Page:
• December 13, 2019

Millers scores twice in Canucks win over Red wings

The Canucks wrapped up their first homestand of the season by getting a little testy, pesty, and zesty. I’m not sure exactly when the Detroit Red Wings became the type of team to incite a rivalry by testing the boundaries of dirtiness, but I’m guessing it was around the time they became bad at hockey.
Much like Catherine Banning’s investigation into Thomas Crown, it was a unexpectedly physical affair, with both sides getting their licks in. Just how surprisingly physical was it? Two of the primary combatants on the Canucks’ side of things were Elias Pettersson and Troy Stecher.
Pettersson arguably got the physicality started by running over Todd Bertuzzi’s nephew, Tyler Bertuzzi, midway through the first period and it steamrolled from there, with things really getting feisty when the Canucks took a big lead heading into the third period.
Check BetRegal.com and find the best online betting site.
 

Later in the third, Tim Schaller sat down Dylan Larkin with a solid open-ice hit and the Red Wings answered with some scrummy behavior along the boards.

It was all capped off by a frustrated Erne throwing an elbow at Troy Stecher’s head away from the puck. Stecher had both words and hands for Erne afterwards, but the refs kicked both of them out of the game to keep things from worsening any further.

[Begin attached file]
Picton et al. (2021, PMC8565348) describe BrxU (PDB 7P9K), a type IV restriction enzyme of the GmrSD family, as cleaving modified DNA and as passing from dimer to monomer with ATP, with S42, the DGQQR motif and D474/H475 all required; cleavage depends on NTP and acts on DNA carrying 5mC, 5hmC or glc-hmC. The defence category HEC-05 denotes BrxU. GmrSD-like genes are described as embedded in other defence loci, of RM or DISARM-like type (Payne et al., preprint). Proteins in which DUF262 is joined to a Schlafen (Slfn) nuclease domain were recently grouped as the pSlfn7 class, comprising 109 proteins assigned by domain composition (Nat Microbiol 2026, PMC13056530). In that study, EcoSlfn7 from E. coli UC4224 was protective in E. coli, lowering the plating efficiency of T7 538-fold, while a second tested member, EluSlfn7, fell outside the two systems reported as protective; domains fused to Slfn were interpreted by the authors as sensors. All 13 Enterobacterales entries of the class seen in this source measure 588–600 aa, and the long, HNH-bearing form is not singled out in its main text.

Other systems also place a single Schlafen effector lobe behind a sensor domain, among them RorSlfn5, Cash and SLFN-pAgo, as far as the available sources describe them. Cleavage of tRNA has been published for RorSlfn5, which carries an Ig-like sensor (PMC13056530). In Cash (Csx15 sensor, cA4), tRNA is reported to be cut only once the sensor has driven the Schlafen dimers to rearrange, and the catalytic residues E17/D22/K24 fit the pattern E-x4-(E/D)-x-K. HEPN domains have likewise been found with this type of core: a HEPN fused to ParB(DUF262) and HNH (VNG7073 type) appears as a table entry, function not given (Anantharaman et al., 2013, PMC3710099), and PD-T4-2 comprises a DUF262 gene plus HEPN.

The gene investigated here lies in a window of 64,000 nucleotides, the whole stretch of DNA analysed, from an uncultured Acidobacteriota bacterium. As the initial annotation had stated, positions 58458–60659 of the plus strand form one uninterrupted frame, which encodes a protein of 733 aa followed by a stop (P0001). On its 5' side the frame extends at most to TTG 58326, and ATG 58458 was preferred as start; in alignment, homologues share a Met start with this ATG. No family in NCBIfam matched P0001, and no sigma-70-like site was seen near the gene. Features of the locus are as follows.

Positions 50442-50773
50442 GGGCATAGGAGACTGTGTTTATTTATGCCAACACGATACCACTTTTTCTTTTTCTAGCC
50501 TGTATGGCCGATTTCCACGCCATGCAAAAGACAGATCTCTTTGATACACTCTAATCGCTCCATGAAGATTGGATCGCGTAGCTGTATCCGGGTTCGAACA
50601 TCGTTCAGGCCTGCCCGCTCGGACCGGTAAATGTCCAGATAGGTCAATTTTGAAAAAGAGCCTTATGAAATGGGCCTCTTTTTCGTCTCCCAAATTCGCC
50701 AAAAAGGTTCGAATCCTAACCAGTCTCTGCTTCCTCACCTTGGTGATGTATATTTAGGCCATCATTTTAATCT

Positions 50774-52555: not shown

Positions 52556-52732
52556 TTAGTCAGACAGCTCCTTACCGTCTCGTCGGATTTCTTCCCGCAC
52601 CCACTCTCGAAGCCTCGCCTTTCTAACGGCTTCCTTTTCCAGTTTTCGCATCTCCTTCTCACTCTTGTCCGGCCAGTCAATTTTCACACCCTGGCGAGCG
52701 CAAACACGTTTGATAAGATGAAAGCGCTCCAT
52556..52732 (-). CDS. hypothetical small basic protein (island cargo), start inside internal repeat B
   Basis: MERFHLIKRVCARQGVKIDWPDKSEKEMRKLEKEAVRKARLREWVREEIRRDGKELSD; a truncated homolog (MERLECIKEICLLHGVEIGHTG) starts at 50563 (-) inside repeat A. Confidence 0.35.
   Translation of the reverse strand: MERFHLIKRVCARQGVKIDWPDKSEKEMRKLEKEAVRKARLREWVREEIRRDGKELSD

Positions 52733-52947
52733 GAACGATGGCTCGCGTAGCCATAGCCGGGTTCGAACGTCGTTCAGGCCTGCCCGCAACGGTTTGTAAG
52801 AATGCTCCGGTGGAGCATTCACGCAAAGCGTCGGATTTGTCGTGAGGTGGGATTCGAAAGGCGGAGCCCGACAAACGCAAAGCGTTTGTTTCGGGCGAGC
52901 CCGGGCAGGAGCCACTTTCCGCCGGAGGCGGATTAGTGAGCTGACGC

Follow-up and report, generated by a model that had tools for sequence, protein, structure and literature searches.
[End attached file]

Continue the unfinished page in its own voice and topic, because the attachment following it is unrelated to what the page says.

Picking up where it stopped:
With Elias Pettersson, Bo Horvat, and J.T. Miller on the first power play unit and Adam Gaudette a healthy scratch, the Canucks had to turn to Brandon Sutter to centre the second power play unit. In 55 seconds of power play time with Sutter on the ice, the Canucks had just one shot attempt; it was blocked.
Get all the latest Betting and Sport News updates on your social media outlet. Find us on Twitter
The Canucks power play was hot in this game, with J.T. Miller stoking the flames. The Canucks went 3-for-5 with the man advantage, starting with a long wristshot by Edler that beat a screened Jonathan Bernier. Miller provided the screen in front and took advantage of his innate opacity to prevent Bernier from seeing the puck.

betregaluser

Read Previous

South Africa ready to take on Japan in Rugby World cup quarter finals

Read Next

Canadian skaters ready to carve out a name for themselves on ice